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mediately beneath it was long noted as a place desecrated by the idolatrous worship of Tophet and Molech. Sandys states that, from the church of the Arminians on Mount Sion, he “descended into the valley of Gehinnon, which divideth Mount Sion from the Mountain of Offence; so called, for that Solomon by the persuasion of his wives here sacrificed to Chamock and Molech ; but now by the Christians called the Mountain of Ill Council, where they say the Pharisees took council against Jesus, whose height yet shows the relics of no mean buildings.”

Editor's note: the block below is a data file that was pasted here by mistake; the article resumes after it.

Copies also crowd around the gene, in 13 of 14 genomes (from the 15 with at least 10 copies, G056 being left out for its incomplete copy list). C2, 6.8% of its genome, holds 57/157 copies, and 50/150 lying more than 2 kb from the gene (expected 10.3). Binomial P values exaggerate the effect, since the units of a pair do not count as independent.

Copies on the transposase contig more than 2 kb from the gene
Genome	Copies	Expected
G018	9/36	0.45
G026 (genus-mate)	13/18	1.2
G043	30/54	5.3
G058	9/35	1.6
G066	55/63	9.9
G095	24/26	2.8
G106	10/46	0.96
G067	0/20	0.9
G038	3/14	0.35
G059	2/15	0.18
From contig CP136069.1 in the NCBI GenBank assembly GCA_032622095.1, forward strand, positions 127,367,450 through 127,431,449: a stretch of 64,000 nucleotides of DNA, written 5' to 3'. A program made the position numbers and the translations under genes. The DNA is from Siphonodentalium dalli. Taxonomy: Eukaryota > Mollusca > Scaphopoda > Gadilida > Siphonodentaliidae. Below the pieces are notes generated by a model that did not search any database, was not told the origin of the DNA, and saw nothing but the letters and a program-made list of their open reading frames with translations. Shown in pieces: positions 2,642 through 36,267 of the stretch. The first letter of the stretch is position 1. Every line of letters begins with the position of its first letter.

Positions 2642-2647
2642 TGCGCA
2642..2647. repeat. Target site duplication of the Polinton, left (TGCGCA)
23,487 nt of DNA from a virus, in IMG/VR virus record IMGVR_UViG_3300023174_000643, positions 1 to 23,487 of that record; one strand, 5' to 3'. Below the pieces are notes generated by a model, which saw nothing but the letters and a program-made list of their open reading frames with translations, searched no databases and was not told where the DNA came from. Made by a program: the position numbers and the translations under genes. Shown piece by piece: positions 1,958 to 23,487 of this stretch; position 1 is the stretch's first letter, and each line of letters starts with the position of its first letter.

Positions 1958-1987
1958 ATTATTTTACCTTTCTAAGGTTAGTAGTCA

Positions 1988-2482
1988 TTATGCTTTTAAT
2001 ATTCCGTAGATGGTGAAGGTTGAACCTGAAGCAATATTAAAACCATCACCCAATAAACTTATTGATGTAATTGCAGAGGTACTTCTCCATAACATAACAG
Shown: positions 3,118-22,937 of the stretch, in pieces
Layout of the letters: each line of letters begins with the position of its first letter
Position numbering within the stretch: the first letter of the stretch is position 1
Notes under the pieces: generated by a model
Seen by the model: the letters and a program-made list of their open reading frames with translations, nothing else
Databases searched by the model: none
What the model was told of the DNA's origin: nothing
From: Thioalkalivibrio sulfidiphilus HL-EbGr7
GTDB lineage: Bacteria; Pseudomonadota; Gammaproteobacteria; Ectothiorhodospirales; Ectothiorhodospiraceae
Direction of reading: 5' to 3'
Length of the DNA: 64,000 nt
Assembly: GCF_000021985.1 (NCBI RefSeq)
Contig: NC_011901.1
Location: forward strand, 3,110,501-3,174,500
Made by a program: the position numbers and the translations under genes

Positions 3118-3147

Toward the eastern extremity of this valley, and in the side of the hill that forms the eastern elevation of the Mountain of Offence, are the sepulchres of the sons of David, that I noticed before; and also those discovered by Dr. Clarke. Among these there is one pointed out as the tomb of Isaiah, who, tradition says, was sawn asunder at the Oak Rogel, beside the well where Nehemiah is reported to have discovered the sacred fire on the return from the captivity, probably the En Rogel of the sacred writers. These places are pointed out near the spot where the watercourses of Gihon and Kedron unite in the neighbouring valley. There is here also another crypt called the cave of the apostles, on the walls of which are some remains of fresco, in a very tolerable state of preservation ; and it is placed among those which contain the Greek inscriptions before alluded to, particularly that of the word “Sion.” I am inclined to think, however, that those sepulchral grottos, which contain paintings and Greek inscriptions, were used as small oratories or chapels during the times of persecution, some hundred years ago ; and at a period subsequent to the establishment of the Greek church ; for the style of the painting is undoubtedly that of the modern Grecian -a style whose peculiarities are so obvious and remarkable, as to prevent its being mistaken for any other; and the inscription, with a cross before it, is in all probability coeval with the date of of such use. These many-chambered sepulchres are all hewn out of the solid rock ; but they invariably correspond to the type of the eastern tomb, having horizontal benches for the bodies ranged along the sides.